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10 Skills for Every Angler

Improve your odds of catching a big one with these 10 summer fishing tips. We take a look at knot tying, casting accuracy, hook sharpening and more.

With any sport, there is a myriad of gear and equipment that you’ll need to become comfortable with and know how to use. But taking a deep dive into every fishing setup, and under all types of conditions, would take ages. Big picture, here are some summer fishing tips and skills you should learn to up your odds of success.

Knot Tying: Knowing some knots is a fishing necessity. Whether it’s tying on hooks or resurrecting a broken line, there are few knots you should have in your knowledge bank. One of the most popular knots to know is the clinch knot. For braided knots, learn the Palomar knot instead. A strong knot won’t break away when you set your hook. In this way you can avoid missed opportunities and lost lures.

Read the Water: Knowing where fish hang out depends on the body of water. But in general, you’ll want to consider the location of structures and the water’s temperature. In search of security, fish will conceal themselves in weeds, by logjams, or under overhanging banks. Throughout the day (or the season), fish will gravitate toward cool waters. In the heat of summer, these fish will have to swim deep to stay cool, which is why many will advise you to fish at dawn or dusk—when the water cools and the fish can feed in shallower locations.

Casting Accuracy: You’ve read the water and assessed where you want to do your fishing. Now, how are you going to get your line there? By casting. That means avoiding snags on weeds, logs, and other obstacles. Sometimes success can be a matter of a few inches, so practice your casting for accuracy. Out of the water, practice in your backyard with different targets. Your goal—soup can-sized precision.

Hook Sharpening: A sharp hook will be easier to set. Test a hook’s sharpness by gently drawing the point of the hook across your fingernail. It’s sharp if it leaves a line on your nail or the point tries to dig in. When it’s not in the water, care for your hooks by air drying them before storing, to prevent rust. And when your hook needs sharpening, use a file from the point of the hook toward the barb. File from three positions to create a triangular point. Finally, don’t file it down too much or the hook will weaken.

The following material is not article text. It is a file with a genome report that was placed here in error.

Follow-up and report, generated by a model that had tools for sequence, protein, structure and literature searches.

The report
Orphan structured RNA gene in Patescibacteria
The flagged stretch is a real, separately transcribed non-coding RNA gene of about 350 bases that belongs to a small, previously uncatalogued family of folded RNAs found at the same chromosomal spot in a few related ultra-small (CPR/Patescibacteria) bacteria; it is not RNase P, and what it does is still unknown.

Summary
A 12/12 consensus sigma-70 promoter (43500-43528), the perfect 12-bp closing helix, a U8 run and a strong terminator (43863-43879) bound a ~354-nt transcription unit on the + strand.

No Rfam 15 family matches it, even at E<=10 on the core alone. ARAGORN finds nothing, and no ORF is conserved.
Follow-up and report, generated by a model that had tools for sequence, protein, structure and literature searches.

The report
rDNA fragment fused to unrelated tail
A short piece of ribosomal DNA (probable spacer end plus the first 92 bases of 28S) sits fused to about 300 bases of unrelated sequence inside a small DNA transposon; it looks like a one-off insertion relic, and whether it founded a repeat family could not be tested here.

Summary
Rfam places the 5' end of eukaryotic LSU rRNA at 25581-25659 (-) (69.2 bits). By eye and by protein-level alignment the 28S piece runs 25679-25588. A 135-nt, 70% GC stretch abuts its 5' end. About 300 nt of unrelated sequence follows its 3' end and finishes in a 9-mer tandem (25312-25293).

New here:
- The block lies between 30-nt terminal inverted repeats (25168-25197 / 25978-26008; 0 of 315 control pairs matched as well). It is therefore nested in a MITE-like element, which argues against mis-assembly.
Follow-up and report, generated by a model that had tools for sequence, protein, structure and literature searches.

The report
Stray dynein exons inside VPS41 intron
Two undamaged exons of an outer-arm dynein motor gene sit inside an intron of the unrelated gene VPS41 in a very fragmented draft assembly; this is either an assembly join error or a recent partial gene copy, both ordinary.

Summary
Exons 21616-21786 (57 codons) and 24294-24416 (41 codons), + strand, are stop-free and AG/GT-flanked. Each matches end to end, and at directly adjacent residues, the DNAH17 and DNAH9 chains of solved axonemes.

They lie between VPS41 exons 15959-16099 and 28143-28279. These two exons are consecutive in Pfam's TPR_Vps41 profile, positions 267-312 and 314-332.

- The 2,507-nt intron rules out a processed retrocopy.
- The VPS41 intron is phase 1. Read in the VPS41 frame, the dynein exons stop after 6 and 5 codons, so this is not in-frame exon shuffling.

Measuring Your Catch: Make it legal by measuring correctly. It’s important to measure your catch correctly—both to determine its legality if you’re opting to keep it, or to have accurate boasting rights after returning it to the water. Fish aren’t the steadiest creatures, and you want to make it quick if you’re going to release the fish. Measure from the tip of the bottom lip to the end of the tail, keeping your measuring device centered across the fish’s body. By the end of the tail, this doesn’t mean the point of the tail fin, but rather, where the fin is indented (in line with the center of the body).

How to Hook Live Bait: The bait you use will vary by the fish you’re fishing for, but here we consider two of the most common types of live bait—minnows and worms. You may thread the hook through the entire length of the worm or cut it into small pieces and thread through each piece. This is good if you’re trying to hook small fish with a small amount of worm. With bigger worms, it’s easiest to hook through multiple parts of the worm’s body, so the worm is secured in a serpentine formation. Minnows should be hooked through the upper and lower lips if you want the minnow to “swim” through the water more naturally while you reel it in to recast. If you’re using a float and sinker system, it’s better to hook the minnow through the back body, while avoiding the spine. Lastly, hooking through the minnow’s mouth and out its stomach provide the strongest hold—which is good for fast waters.

Removing Hooks: Hopefully this is a skill you’ll need to remove a hook from a fish, not your own skin, but the principals are the same. Gear up your tackle box with a good set of pliers—they help remove hooks from tricky positions and protect your fingers if you’re removing a hook with multiple barbs. Without pliers, try to back the hook out of the skin.

Netting (Landing) a Fish: You’ve worked long and hard to locate and catch a fish, so the last thing you want to do is lose it at the end of the fight. Like most things in fishing, don’t rush it. Reel it in and tire it out along the way. The net should go down into the water (pointed at the water, not the fish), and rise up from beneath the fish. If you are unable to get under the fish, submerge the net as much as possible, tilted at a 45-degree angle, and scoop the fish from the side from nose to tail. Scooping from tail to nose would give the fish a clear path for escape.

Study Your Success (Or Lack Thereof): Learn to map out your trials on the water. Each time on the water is a lesson in fishing, regardless of your success or lack thereof. Note the location, time of day, and depth at which you’ve fished, water temperatures, weather conditions, the bait used, and the corresponding results. You will learn from these experiences and improve upon them in the future.

Release it Right: If you’re not keeping a fish, you’ll want to return it to the water safely. Minimize your hands-on handling of the fish and keep it out of the water for as little time as possible. Quickly remove the hook, and keep your hands away from the gills and eyes. Holding the fish horizontally, submerge it just below the water’s surface. Watch for the opening and closing of its gills, indicating that water has passed over them. Release your hand, allowing the fish to freely swim away of its own accord.

Now that you're ready to head out fishing, be sure to check out DSG Outerwear's women's fishing gear!

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